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Monday 23 July 2018

Department figures on dairy emissions 'misleading'

Emissions from the dairy sector increased by 24pc between 2012-16 according to EPA and CSO data
Emissions from the dairy sector increased by 24pc between 2012-16 according to EPA and CSO data

Ronnie Bellew and Claire Fox

The Minister for Agriculture Michael Creed and department officials have "systematically" under-estimated the rise in greenhouse gas emissions (GHG) from the dairy sector, An Taisce has claimed.

The environmental and conservation organisation has called on Minister Creed to amend the Dáil record in relation to a series of statements on the decoupling of increased dairy production from rising GHG emissions.

"The Dáil record needs to be corrected by Minister Creed as a matter of urgency, and repeated inaccurate claims by ministers and officials that dairy emissions have been decoupled from milk production need to be publicly retracted," An Taisce spokesperson John Gibbons told the Farming Independent.

Last November, Minister Creed told the Dáil that "the post-dairy quota era has proven we have broken the link between increased output and increasing greenhouse gas production.

"Since 2015 we have increased our dairy production by 13.2pc but our greenhouse gas emissions have only gone up by 1.6pc.

"This is significant in that we are breaking the link between increased production and increased greenhouse gas emissions."

These figures were repeated by Bill Callanan, assistant secretary general at the Department of Agriculture, a week later when he addressed the Joint Committee on Agriculture.

And, replying to a Dáil question last April, Minister Creed stated: "In the five year period 2012-16, dairy cow numbers have increased by 22pc and corresponding milk production by 27pc while emissions increased just 8pc, demonstrating a level of decoupling is happening."

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An Taisce maintains that, based on the most recent analysis from the Environmental Protection Agency (EPA), this analysis is "demonstrably untrue".

It wrote to the Minister last month calling for a correction to the Dáil record.

In response, Minister Creed stated "The 8pc increase I referred to is the growth in total agricultural emissions and reflects that while dairy numbers (and emissions) are increasing, other sub-sectors of agriculture are contracting. It is valid to consider the sector as a whole in presenting this data."

However, An Taisce has rejected this response, claiming that it reinforces "a false narrative about dramatic decoupling of dairy production".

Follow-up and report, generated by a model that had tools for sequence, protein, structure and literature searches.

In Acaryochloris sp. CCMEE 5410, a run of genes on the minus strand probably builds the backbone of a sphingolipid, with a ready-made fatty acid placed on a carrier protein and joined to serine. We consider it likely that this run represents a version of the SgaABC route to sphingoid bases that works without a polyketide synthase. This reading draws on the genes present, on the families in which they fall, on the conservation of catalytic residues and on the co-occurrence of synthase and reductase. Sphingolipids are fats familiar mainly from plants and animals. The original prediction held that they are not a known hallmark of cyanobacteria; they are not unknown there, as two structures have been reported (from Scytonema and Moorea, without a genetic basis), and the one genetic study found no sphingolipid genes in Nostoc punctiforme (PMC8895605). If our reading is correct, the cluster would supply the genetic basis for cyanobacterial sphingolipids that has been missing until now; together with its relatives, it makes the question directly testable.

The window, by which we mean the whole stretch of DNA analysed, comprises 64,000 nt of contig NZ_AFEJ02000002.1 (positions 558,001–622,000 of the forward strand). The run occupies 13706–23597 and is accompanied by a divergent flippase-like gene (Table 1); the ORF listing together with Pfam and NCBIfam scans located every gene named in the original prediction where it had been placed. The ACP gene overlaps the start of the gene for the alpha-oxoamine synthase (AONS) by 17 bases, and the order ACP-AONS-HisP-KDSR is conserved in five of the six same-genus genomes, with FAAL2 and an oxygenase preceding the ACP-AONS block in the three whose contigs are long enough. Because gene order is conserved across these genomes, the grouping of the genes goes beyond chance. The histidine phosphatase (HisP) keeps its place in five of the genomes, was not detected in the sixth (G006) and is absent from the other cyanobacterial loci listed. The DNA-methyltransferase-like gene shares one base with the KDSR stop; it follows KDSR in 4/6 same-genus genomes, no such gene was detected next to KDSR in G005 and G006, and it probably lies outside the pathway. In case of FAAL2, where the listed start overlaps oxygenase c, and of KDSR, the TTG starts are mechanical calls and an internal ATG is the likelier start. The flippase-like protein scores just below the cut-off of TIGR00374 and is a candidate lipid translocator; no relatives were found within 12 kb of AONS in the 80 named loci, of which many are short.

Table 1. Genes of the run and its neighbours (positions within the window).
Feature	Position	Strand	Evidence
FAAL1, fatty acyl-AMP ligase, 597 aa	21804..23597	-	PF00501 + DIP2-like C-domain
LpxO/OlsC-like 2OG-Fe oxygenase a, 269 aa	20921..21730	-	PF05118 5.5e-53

It added: "As a direct result of Government and industry policy, rapid increases in dairy output have not been achieved through efficiency improvement but rather by rises in cattle numbers and a large increase in fertiliser use to boost grass growth."

In a statement on the An Taisce claims, the Department of Agriculture repeated that Minister Creed was referring to an 8pc rise in overall emissions from the agricultural sector rather than the dairy sector alone.

Efficient

"It (dairy) is a biological system so one cannot reasonably expect significant step-wise changes for a sector that is already among the most efficient in Europe as noted by the JRC (EU Joint Research Council, 2011 analysis).

"Additionally, the JRC acknowledged that while intensive dairy systems in Europe create less methane and nitrous oxide emissions than extensive ones, this is countered by higher emissions from land use and land use change," continued the Department statement.

"Lowest emissions are created by extensive grassland systems, such as those in Ireland. The Food and Agriculture Organisation of the United Nations has also recognised the efficiency of our temperate grassland-based production system.

"The most significant drivers for increased emissions in 2016 were higher dairy cow numbers with an increase in milk production.

"This is a reflection of the removal of milk quotas in 2015 and the national plans to expand milk production under FoodWise 2025. In spite of this increased production, dairy production systems have been found to be extremely efficient and have one of the lowest carbon footprints internationally.

"For example, research conducted by Teagasc showed that from 2013-15 the average carbon footprint of milk declined by 11pc to 1.04 kg of CO2eq per kg of fat and protein corrected milk," added the statement.

New research from Teagasc has warned that the Government could be forced to restrict expansion of the dairy sector if Ireland is to avoid fines of up to €600m per annum for not meeting the EU 2030 targets on emissions reduction.

A survey last week from the Climate Action Network - a global group of 1,300 organisations - claimed that Ireland was ranked 28th of 29 EU nations in progress on emissions reduction and renewable energy targets, with only Poland ranked below us.

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